"Grantmakers as volunteer coordinators?" - The Washington AIDS Partnership's AmeriCorps team
The Washington AIDS Partnership (a project of Washington Grantmakers) has been a site of the National AIDS Fund AmeriCorps program for the past twelve years. Each year, the Partnership recruits and trains a group of 12 young people who are assigned to Partnership grantees. They work four days a week at the agency where they are placed. On the fifth day each week, the AmeriCorps members work together on a joint project benefiting the community. The program allows the Partnership to foster youth leadership while fill staffing needs at local organizations. The 2008-09 AmeriCorps team started on August 3.
“FunderView” August 2008
Channing Wickham, executive
director of the Washington AIDS
Partnership, hamming it up for a
good cause at a 2007 AmeriCorps
team fashion show fundraiser.
WG: How many applications did you have this year? CW: We had about 60. It’s a pretty long process, and a pretty exhaustive effort on the part of the applicant. So when I say 60, that’s 60 really qualified people who are really eager to be in this program.
Where are they headed? We’re excited about this year’s opportunities. We’ll have a second member at Whitman-Walker Clinic, which only had one member last year. Our members will be doing street outreach, STD screening, some work out in the mobile van, as well as in-office HIV testing and counseling.
Do the members have any input as to where they’ll go? We spend a lot of time thinking through the matches. I think our process is working pretty well because our retention rate has been 100 percent for quite a few years—both for the program as a whole, but also for each individual placement. We find out their interests, whether they’re comfortable with certain populations— for example, young people, the elderly, people who are dying—and we talk to them about all this in the interview. And then when we’re with them at the annual AmeriCorps training, we’re all climbing walls, up thirty feet on a platform, so we see firsthand how they react to scary situations, to stress; are they introverted, extroverted; and we get a better idea of personality types and how they’ll work with supervisors and clients.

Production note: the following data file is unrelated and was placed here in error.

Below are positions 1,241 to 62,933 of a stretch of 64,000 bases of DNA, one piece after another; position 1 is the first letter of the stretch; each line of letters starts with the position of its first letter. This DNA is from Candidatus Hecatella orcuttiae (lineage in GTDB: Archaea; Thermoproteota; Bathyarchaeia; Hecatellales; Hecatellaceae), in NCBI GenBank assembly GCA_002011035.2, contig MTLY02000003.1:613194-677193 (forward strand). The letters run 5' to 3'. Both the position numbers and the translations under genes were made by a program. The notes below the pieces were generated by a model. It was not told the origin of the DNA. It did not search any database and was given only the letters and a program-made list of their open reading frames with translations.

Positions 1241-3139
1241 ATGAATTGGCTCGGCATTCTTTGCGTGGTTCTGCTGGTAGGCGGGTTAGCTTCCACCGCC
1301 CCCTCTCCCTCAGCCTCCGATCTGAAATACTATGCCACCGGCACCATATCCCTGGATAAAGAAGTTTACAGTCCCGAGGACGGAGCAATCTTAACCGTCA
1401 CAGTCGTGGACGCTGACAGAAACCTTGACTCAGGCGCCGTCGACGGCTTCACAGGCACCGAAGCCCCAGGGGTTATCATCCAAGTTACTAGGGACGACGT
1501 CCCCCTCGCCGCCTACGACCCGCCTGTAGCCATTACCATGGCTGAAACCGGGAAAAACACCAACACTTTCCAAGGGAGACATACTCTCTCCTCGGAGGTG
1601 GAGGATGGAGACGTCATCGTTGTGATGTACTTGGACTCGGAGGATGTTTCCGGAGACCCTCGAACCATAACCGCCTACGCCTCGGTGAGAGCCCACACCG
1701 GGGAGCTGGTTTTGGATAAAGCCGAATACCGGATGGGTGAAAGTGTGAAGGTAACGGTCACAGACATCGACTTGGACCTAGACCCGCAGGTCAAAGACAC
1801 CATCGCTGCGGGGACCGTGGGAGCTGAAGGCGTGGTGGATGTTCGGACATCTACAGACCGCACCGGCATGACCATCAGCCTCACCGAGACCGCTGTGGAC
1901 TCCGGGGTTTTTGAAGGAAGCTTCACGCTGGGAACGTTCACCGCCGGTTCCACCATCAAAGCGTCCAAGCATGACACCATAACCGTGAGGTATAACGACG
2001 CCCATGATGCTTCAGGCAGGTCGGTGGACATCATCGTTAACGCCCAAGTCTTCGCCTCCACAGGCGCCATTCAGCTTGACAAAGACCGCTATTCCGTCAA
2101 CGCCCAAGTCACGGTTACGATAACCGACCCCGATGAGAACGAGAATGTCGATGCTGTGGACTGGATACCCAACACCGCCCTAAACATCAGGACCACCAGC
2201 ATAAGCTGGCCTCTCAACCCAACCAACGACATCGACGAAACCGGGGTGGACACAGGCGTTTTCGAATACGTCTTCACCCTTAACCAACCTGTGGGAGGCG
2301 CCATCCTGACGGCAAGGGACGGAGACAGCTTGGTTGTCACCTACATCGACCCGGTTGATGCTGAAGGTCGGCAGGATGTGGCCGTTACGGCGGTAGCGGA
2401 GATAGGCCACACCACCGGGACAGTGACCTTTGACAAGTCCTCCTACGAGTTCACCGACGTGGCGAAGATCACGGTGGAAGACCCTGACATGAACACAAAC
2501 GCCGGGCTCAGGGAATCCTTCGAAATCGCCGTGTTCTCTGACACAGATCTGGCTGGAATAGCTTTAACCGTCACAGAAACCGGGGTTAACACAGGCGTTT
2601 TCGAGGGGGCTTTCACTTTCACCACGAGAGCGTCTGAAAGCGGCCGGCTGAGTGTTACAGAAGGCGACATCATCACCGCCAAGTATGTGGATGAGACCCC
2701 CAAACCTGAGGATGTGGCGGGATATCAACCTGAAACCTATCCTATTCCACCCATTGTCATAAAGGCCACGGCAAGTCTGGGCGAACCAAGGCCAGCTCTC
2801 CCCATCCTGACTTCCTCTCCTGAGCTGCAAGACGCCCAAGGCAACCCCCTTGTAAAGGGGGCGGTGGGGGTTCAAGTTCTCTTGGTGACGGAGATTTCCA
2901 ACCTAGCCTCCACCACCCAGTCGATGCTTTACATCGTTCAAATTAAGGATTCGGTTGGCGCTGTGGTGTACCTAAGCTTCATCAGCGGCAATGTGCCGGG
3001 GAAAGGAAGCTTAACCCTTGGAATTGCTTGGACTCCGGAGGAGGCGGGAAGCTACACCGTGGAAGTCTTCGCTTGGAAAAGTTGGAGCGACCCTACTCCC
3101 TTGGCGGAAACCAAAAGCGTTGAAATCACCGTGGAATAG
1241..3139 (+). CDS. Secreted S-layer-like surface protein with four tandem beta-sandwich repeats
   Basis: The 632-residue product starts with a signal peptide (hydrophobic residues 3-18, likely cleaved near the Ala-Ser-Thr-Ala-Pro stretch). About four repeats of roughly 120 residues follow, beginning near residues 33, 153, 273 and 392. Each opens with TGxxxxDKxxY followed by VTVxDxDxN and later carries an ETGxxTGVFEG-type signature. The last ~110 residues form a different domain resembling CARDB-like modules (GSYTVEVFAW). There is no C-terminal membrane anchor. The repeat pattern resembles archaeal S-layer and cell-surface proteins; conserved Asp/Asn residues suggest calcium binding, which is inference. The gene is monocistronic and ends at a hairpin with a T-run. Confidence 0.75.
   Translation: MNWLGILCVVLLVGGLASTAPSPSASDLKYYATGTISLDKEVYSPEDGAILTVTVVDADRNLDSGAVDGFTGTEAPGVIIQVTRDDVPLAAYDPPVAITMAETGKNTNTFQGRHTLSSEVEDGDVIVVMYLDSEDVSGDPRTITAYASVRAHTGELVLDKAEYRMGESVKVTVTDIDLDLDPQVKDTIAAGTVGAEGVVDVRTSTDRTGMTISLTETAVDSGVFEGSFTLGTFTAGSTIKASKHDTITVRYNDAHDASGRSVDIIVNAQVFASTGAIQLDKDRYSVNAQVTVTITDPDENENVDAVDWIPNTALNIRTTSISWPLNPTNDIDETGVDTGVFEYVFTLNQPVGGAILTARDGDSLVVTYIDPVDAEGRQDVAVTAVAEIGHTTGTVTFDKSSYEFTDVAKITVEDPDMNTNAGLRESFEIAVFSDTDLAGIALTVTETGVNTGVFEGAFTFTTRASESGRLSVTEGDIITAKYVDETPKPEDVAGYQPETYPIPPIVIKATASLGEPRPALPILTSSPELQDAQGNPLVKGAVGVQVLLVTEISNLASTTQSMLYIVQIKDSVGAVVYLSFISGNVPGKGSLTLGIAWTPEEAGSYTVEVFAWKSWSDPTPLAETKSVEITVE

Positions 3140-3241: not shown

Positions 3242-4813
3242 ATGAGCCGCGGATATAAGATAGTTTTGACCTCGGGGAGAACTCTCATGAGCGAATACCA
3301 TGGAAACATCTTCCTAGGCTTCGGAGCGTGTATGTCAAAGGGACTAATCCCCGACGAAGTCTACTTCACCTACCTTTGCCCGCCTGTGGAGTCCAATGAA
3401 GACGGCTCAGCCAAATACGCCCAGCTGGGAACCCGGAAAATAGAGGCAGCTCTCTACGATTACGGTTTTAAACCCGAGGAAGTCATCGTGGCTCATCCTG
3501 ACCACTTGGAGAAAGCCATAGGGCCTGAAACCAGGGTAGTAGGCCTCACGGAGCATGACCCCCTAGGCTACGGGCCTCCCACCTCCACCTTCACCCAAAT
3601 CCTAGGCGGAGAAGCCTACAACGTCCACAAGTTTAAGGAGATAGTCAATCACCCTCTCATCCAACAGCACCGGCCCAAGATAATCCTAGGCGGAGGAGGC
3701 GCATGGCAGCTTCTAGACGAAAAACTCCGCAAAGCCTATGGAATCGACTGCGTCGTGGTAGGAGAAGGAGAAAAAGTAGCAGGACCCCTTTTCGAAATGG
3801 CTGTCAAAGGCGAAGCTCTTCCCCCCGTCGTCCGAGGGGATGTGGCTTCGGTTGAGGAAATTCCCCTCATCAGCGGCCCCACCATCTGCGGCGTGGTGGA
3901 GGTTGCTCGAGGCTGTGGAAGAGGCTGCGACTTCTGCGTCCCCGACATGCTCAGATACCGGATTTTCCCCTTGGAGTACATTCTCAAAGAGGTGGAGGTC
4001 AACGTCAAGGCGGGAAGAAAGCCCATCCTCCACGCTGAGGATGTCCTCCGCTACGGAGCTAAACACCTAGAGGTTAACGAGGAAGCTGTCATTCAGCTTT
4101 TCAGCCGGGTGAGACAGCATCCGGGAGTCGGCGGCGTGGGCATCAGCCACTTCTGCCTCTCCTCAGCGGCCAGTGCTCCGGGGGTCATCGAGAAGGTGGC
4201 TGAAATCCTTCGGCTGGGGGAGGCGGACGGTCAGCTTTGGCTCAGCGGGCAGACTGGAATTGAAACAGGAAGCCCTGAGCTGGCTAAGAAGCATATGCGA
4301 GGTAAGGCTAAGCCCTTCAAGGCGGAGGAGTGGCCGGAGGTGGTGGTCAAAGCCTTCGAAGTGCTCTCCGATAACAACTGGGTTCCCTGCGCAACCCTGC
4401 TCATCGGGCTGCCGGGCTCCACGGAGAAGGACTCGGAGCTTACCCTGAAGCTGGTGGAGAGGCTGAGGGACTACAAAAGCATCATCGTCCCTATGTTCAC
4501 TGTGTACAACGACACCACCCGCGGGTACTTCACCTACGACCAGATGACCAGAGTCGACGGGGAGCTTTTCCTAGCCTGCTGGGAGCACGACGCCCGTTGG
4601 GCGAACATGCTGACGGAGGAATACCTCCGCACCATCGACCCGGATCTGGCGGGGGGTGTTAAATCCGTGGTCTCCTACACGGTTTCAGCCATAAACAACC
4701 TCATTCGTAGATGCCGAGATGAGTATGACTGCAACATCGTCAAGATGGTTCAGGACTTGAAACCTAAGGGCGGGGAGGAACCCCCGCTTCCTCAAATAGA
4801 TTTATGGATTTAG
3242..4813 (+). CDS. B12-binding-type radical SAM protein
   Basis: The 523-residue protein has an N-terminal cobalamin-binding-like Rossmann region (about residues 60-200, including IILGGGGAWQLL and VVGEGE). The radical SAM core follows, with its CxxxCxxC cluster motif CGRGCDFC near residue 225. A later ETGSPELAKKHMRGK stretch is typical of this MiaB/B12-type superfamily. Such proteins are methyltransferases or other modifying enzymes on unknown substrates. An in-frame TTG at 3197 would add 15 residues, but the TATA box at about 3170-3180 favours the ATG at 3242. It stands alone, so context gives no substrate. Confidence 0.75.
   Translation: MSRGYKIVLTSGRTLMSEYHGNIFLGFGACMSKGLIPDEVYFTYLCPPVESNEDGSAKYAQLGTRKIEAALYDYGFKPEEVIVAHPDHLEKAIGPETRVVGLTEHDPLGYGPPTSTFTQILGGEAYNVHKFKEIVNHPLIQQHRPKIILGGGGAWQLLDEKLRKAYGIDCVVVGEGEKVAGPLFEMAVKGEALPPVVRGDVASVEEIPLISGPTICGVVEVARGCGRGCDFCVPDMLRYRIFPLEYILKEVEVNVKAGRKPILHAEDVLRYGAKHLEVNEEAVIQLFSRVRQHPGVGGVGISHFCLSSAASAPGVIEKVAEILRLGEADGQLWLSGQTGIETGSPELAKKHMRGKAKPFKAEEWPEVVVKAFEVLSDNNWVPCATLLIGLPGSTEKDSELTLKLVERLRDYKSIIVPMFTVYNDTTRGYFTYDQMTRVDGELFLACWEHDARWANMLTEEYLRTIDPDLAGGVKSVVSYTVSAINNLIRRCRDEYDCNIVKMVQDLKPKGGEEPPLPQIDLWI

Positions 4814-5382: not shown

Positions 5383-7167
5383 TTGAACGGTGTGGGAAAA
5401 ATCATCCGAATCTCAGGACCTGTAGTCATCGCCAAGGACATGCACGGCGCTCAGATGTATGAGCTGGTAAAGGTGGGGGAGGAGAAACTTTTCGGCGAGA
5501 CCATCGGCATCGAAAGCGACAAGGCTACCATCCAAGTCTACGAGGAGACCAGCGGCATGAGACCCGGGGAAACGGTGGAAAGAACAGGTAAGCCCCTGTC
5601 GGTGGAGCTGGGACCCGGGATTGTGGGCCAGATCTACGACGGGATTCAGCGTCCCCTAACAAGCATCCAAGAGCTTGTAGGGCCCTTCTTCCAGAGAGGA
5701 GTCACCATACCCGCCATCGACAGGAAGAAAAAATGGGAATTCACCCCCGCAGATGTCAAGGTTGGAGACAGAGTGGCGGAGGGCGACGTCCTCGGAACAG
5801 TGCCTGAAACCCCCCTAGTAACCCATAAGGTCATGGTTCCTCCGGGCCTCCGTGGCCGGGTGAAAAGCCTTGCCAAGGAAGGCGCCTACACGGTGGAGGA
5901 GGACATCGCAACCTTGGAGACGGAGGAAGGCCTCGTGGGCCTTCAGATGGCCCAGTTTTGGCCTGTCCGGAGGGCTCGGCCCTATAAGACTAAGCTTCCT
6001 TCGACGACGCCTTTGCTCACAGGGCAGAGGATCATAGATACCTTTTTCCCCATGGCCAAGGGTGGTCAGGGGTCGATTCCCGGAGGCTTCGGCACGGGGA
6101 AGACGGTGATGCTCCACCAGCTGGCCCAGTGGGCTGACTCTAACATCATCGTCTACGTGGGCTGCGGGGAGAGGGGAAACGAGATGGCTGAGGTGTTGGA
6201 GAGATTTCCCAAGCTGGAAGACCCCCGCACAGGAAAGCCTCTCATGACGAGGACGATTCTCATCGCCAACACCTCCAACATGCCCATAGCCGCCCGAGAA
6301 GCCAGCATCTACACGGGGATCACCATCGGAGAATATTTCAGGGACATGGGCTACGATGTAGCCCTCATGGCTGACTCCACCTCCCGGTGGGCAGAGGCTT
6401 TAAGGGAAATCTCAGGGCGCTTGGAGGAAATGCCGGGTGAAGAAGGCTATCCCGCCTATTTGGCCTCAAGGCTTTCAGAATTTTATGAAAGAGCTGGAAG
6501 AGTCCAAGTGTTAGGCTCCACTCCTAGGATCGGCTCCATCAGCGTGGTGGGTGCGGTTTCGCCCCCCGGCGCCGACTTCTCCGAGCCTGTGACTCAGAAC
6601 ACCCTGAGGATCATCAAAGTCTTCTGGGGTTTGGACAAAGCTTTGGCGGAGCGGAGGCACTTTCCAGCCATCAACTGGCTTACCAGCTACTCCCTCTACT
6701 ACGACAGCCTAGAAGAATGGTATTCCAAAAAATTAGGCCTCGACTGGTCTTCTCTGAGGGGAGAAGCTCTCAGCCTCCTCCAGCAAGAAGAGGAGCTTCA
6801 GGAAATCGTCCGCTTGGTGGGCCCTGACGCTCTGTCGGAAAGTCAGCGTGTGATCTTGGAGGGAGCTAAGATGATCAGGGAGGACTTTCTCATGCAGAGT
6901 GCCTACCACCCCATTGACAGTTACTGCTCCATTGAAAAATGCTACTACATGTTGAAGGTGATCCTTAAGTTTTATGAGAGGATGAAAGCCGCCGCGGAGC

2003-2004 National AIDS Fund/Washington AIDS Partnership AmeriCorps
How do the host agencies respond? What kind of feedback have you gotten? Well, word has spread around the HIV nonprofit community that we have 12 amazing young people available for a year of service at almost no cost to the nonprofit. So, as you can imagine, they really do vie for the opportunity. Many end up hiring the member when the year’s up. And I hear nothing but superlatives. We hear things like: “The enthusiasm of the AmeriCorps member was infectious and really got the whole team excited.” In fact, the hard thing is that we only have 12 members and many more opportunities than we have young people to fill them.
Have you thought about expanding? It seems like the program provides a lot of good for a relatively low investment. The challenge is that this is a federal program and we’re limited by the number of spots that the government provides. At 12 members here in D.C., we’re the largest of the HIV programs in the country. And while it’s a great value for the nonprofits and the HIV field, there are real costs for funding stipends and the staff time associated with operating it. We think it’s a great investment, but it’s still an investment.
Last question. Volunteer training and coordination is not a role that grantmakers usually play. Do you think funders could or should find a way to do more of that? The thing about volunteer coordination and service delivery is that it reminds me why I do this work. I think it certainly makes me a better grantmaker. And our Steering Committee at the AIDS Partnership has been actively involved with our AmeriCorps team as well—hosting them for a meal, coming to the fashion show fundraiser, helping out with projects. One funder actually provided many, many, many hours of physical labor and design services as a landscape architect to last year’s project. It gives funders a first-hand connection to service, to young people, to future leaders in our field.